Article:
References in periodicals archive ?
Alimentary canal. A comparatively narrow but quite prominent swelling is visible along the inner axial surface of the external mould in the middle and posterior parts of the thorax (G in Fig.
Structure of the alimentary canal of the stick-insect, Bacillus rossii Fabr.; with a note on the parthenogenesis of this species.
Comparative anatomical and histological study of the alimentary canal of Dendroctonus frontalis (Coleoptera: Scolytidae) complex.
For example, in his paper on diverticula of the alimentary canal, published in 1910, Sir Arthur Keith could only find seven examples of colonic diverticula in the pathological museums of all the London teaching hospitals and the Hunterian Museum, of which he was curator.
Here's the strategy: your alimentary canal needs to be scoured until it's as clean as a whistle.
Although house flies have been shown to lyse bacteria within their alimentary canal, some species of bacteria persist within the fly for various periods of time.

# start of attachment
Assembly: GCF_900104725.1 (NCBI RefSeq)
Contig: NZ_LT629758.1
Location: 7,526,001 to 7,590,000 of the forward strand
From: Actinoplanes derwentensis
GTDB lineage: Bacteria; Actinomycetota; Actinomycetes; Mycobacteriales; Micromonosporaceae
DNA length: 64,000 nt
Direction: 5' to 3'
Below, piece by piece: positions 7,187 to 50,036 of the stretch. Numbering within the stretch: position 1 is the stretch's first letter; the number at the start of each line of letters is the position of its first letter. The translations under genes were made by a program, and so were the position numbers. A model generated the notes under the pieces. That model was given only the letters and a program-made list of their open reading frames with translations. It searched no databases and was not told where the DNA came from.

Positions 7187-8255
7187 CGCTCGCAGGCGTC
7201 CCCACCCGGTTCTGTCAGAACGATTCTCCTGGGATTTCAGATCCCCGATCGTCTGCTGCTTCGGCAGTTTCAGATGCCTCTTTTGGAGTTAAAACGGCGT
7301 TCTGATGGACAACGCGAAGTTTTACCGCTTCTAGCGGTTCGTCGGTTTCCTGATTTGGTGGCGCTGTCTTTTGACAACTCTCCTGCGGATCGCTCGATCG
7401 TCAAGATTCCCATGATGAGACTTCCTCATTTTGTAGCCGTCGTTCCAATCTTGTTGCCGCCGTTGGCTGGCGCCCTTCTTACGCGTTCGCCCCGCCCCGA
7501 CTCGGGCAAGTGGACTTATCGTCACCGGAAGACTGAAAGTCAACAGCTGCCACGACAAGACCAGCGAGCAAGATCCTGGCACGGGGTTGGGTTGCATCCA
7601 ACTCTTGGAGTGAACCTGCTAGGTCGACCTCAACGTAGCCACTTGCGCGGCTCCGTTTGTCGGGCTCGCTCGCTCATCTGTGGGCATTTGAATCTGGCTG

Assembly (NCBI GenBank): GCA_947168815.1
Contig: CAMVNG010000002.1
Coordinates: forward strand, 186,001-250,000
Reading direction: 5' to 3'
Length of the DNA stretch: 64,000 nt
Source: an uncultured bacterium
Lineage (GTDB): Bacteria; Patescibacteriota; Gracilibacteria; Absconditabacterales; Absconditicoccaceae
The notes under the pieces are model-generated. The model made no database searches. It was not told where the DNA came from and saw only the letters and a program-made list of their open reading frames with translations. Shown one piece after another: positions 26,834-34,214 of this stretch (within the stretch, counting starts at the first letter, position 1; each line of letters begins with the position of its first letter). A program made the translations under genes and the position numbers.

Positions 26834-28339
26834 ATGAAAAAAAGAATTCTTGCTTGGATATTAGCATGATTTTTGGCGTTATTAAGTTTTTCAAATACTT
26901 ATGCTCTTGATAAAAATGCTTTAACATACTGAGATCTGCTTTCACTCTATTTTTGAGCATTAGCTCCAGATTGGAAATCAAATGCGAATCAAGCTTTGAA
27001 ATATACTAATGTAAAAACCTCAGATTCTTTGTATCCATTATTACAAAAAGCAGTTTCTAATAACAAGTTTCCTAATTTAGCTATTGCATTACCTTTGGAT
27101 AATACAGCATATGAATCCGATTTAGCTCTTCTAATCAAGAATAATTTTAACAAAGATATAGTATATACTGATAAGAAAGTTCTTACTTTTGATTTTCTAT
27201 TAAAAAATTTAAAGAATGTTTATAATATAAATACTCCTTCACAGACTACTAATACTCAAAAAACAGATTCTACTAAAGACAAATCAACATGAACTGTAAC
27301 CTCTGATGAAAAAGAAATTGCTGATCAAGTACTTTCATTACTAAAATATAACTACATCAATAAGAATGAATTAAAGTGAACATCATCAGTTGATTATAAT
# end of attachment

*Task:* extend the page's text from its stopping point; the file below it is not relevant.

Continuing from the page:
The alimentary canal from the esophagus to the anus was extracted.
This migration to an area where the product has not even been defined Seymour refers to it as "floating up the alimentary canal" of the product development process--is what sets the company apart from its peers, according to Stephen Brittain, an engineer by background who is a strategist at Seymourpowell.
The virtual tour, enhanced by computer animation, covers the skeletal, nervous, muscular, cardiovascular, urinary, respiratory, and digestive systems, as well as the alimentary canal and the nature of the five senses.
While many of these disorders are primarily associated with organs such as the liver, pancreas and gall bladder--all of which play a crucial role in the digestive process--plenty of them are centered in the alimentary canal, the long tube leading from a cat's mouth to its anus.
The possibility of excretion is suggested because the passage rate of the digesta in the alimentary canal in goslings ranges from only 130 min to 198 min (Chen et al., 1991) and the ceca of the bird becomes almost completely empty only once every 24 hours (Mattocks, 1971; Duke et al., 1984).
The physician could not see the denture on the neck x-ray and told her that the denture had probably passed farther into her alimentary canal.